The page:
Digitalisation and IT - an opportunity within M&A processes

Challenges, trends and advice on IT within the M&A process

Published: 29-09-2023

Understanding the value, potential and risks related to IT when facing a transaction is a prerequisite for successful M&A deals in today’s world. IT is often the biggest operational challenge in a separation1 or integration, whilst also being a driver for both costs and synergies. How well IT is managed before, during and after a transaction can therefore be crucial for whether a transaction is successful or not, particularly in times of a weaker economy, when cost synergies and lower running costs become all the more important. As advancements in technology and digitalisation are made, new business and delivery models are emerging, affecting the M&A process as a whole, and the role of IT in particular.

The value and complexity of IT in M&A deals are often underestimated

IT is inherently complex and time-consuming when undergoing change. IT often connects processes and business units internally and customers and suppliers across the entire value chain externally. IT is often the business function or workstream with the longest lead times in a deal, yet its complexity and lead times are often underestimated, whilst the value that IT can contribute to the deal is overlooked.

This leads to IT being managed on an ad hoc basis and the IT function being involved late in the process, creating challenges in meeting target dates and deadlines. This makes it difficult for the IT function to have time to adequately plan and prepare for the separation or integration, which risks adding further complexity and cost to the transaction and increases the risk of the business’ identified synergies not being realised.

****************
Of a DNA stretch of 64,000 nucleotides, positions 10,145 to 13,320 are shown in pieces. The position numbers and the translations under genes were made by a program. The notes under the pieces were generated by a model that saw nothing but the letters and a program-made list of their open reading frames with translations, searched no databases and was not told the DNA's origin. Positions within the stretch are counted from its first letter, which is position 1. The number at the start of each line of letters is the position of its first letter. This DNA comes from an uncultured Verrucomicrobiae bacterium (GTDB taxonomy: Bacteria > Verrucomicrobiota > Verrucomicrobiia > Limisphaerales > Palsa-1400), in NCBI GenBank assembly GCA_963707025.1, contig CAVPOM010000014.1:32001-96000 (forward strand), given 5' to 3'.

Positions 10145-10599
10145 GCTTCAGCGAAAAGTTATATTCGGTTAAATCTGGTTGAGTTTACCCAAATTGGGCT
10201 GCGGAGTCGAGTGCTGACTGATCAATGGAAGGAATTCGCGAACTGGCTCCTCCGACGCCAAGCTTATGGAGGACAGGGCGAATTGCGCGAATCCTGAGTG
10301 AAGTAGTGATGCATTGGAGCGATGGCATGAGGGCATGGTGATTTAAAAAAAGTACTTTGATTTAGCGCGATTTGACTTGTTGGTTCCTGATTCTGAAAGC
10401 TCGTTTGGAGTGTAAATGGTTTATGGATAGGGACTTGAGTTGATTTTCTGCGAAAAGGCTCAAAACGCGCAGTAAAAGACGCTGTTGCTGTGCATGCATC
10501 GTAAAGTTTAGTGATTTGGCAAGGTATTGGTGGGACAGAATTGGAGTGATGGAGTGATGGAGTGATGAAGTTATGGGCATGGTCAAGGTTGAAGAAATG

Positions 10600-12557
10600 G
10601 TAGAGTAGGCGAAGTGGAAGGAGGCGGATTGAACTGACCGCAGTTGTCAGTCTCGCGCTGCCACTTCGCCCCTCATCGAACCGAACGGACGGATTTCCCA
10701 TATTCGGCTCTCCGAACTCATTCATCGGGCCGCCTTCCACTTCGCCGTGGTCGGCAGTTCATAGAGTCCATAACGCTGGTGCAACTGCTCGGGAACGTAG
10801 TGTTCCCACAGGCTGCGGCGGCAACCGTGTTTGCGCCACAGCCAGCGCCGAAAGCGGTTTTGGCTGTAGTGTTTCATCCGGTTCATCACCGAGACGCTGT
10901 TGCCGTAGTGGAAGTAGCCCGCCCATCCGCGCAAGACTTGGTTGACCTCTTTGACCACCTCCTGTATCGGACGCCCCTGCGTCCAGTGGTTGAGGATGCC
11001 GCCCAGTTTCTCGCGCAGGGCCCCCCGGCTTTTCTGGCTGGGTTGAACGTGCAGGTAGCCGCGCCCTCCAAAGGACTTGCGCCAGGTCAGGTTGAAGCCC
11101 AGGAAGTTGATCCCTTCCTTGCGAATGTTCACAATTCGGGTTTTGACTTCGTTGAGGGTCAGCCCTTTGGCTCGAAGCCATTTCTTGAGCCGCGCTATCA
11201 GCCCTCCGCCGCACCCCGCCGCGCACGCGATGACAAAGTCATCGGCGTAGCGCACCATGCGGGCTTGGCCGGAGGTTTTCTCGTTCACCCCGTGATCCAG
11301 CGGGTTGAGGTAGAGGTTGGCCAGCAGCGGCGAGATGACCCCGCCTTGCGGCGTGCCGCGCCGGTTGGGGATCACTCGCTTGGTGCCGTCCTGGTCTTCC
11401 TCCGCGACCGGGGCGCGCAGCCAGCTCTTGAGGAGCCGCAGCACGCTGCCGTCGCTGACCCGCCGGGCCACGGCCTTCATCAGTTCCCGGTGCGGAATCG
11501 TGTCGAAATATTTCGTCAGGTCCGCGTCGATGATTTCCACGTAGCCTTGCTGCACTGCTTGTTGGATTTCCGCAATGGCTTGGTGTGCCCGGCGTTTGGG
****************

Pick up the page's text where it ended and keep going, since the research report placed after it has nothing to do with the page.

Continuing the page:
This often results in long and costly Transition Service Agreements (TSA2) to ensure that the acquired company has the necessary functionality in place when the deal goes through, as well as an IT landscape that does not deliver the value required to realise the expected benefits and synergies.

IT is often the business function or workstream with the longest lead times in a deal, yet its complexity and lead times are often underestimated, whilst the value that IT can contribute to the deal is overlooked.

TSAs often pose a challenge as there is a risk that the scope and price are incorrectly defined, which over time risks eroding the value of the deal. For the seller, this may result in overcommitment, meaning that they need to spend time and resources on providing services to the buyer at too low a price. For the buyer, it may result in an insufficient service at an inflated cost for a long time, whilst the services do not add the value or efficiency required for the transaction to develop according to plan.

TSAs also run the risk of limiting the possibility for both sides to further develop the services that fall under the TSA, which in the long term reduces the value that IT can deliver and extends the timelines for the intended synergies to be realised. TSAs are often unavoidable and necessary to expedite the deal, but their scope and length can be significantly limited by proper preparation by both the seller and the buyer.